Heritage Index of Economic Freedom 2011: Luxembourg ranks third in the EU
The Heritage Foundation, in cooperation with the Wall Street Journal, has just published its 2011 Index of Economic Freedom. This survey compares the levels of trade, business, fiscal, monetary, financial, labour and investment freedom in 179 countries. Luxembourg is ranked 13th worldwidewith a score of 76.2 (up 0.8 on last year). Within the European region, Luxembourg is fourth out of 43 countries, behind Switzerland and fellow EU states Ireland and Denmark, but ahead of the UK (16th), Germany (23rd) and France (64th).
What the report says about Luxembourg
"Luxembourg has long benefited from a favourable climate for entrepreneurial activity and high levels of openness and flexibility. Prudent financial regulations have supported Luxembourg’s position as a global financial hub. The judiciary, independent of politics and free of corruption, has provided strong protection for property rights. Institutional support for investment freedom, trade freedom, financial freedom, and business freedom is similarly strong.
The economy performs weakly in such areas as fiscal freedom, government spending, and labour freedom. Personal tax rates remain high, although the corporate rate is relatively low. Government expenditure accounts for close to 40 percent of GDP. The government is undertaking gradual reforms to improve the management of public finance. Recent stimulus measures and support for the banking sector have resulted in an increased budget deficit. Fiscal reforms are needed to rationalise the large central government deficit, accommodate rising age-related spending, and preserve fiscal sustainability.”
Where we do well …
“Luxembourg does not discriminate between foreign and domestic investment. Most industries are open to foreign investment without any government restrictions. Bureaucratic procedures, including those for licenses and permits, are streamlined and transparent, and there is far less red tape than in larger European countries. Both residents and non-residents may hold foreign exchange accounts. There are no restrictions or barriers with respect to capital transactions, current transfers, repatriation of profits, purchase of real estate, or access to foreign exchange.”
“As a global financial hub, Luxembourg’s sophisticated banking sector is well capitalised and competitive. Regulations are transparent and effective. Many of the world’s leading banks have subsidiaries in Luxembourg. The one state-owned bank offers medium-term and long-term financing of investments by Luxembourg-based companies. The financial sector accounts for almost 30 percent of the country’s GDP.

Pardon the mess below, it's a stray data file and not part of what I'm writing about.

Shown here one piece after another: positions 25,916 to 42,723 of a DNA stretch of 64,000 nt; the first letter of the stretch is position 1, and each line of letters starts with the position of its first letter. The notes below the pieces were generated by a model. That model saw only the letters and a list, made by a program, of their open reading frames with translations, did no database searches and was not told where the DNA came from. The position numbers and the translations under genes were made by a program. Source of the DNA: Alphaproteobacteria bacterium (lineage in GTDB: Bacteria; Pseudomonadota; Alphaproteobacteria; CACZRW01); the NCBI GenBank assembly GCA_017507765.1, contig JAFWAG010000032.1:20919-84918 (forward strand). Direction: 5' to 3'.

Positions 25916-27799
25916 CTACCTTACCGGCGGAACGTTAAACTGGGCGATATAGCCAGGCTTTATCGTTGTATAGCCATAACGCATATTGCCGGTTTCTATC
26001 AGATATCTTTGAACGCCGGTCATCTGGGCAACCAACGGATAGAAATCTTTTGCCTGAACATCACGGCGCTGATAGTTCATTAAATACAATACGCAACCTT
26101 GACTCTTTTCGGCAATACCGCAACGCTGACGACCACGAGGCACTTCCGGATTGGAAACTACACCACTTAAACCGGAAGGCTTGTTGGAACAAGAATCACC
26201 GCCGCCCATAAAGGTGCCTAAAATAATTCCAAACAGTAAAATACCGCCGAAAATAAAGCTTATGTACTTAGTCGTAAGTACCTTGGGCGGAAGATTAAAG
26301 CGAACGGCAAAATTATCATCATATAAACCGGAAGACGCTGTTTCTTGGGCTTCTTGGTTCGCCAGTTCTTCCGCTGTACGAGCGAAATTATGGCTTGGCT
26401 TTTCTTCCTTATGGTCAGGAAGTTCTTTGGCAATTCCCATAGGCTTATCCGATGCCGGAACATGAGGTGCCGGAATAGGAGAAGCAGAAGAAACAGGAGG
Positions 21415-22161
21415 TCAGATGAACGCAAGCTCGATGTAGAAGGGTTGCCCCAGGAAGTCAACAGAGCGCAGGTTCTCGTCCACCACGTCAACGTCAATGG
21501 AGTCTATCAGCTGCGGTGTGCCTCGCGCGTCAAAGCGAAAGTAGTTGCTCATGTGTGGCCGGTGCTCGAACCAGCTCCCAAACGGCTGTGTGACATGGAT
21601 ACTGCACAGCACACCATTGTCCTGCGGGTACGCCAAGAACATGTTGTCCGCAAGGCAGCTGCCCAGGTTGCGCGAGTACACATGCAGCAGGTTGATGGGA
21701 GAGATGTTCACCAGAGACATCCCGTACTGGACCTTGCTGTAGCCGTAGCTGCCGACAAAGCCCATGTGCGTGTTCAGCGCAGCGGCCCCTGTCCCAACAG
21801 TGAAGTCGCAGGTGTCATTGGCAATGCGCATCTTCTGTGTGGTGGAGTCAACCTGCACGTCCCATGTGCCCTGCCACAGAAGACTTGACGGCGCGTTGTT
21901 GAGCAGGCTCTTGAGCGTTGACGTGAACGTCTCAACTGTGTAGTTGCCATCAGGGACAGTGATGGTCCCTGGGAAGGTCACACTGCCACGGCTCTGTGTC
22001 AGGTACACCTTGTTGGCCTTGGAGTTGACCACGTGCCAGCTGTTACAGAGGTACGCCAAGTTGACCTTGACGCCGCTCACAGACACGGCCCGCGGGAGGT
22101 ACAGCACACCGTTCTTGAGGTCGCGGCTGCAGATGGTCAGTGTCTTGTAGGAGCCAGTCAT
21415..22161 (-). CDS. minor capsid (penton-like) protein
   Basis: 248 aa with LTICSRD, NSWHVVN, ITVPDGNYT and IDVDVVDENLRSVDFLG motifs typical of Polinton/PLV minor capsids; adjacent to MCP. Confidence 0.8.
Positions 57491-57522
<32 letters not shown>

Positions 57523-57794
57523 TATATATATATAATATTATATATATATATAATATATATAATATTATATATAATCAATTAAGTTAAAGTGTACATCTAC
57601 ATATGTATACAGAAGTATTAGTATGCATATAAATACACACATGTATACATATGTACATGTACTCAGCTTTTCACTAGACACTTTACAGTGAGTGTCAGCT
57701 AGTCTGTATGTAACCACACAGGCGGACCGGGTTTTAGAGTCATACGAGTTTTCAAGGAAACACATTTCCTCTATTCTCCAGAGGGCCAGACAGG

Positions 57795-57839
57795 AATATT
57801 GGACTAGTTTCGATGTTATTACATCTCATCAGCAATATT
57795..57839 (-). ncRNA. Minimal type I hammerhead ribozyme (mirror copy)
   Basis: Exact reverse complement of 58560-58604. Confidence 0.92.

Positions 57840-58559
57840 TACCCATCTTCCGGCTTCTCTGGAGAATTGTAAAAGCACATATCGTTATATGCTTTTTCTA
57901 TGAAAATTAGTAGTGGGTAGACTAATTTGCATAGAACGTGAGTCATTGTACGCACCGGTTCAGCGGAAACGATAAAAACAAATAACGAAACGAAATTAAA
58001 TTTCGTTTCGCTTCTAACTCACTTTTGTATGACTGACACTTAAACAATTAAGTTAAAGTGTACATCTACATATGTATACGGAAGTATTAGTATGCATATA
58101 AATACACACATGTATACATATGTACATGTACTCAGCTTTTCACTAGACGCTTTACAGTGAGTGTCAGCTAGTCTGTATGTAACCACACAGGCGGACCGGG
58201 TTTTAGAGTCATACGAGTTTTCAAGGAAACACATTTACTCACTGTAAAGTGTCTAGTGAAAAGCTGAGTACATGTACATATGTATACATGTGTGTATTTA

The investment fund industry has been expanding rapidly. Capital markets are well developed, and trading on the Luxembourg Stock Exchange is very active. The financial system has been under stress in light of the recent global financial crisis, and the government of Luxembourg joined several other European governments in bailing out prominent banks.”
“Private property is well protected, and contracts are secure. Luxembourg adheres to key international agreements on intellectual property rights and protects patents, copyrights, trademarks, and trade secrets.”
Freedom from corruption
“Corruption is perceived as minimal. Luxembourg ranks 12th out of 180 countries in Transparency International’s Corruption Perceptions Index for 2009. Anti-corruption laws, regulations, and penalties are enforced impartially, and efforts to combat money laundering and the financing of terrorism are a priority.”
… and where we could do better.
“Luxembourg’s labor regulations are burdensome. Unemployment benefits are almost twice as high as those in neighboring countries. The minimum wage is one of the highest in the OECD and labour union membership stands at over 50 percent of all wage earners.”
In case you were afraid to ask …
Q. What is economic freedom?
Economic freedom is the fundamental right of every human to control his or her own labour and property. In an economically free society, individuals are free to work, produce, consume, and invest in any way they please, with that freedom both protected by the state and unconstrained by the state. In economically free societies, governments allow labour, capital and goods to move freely, and refrain from coercion or constraint of liberty beyond the extent necessary to protect and maintain liberty itself.
Q. What are the benefits of economic freedom?
Studies in this and previous editions of the Index of Economic Freedom demonstrate important relationships between economic freedom and positive social and economic values such as per capita income, economic growth rates, human development, democracy, the elimination of poverty, and environmental protection. ER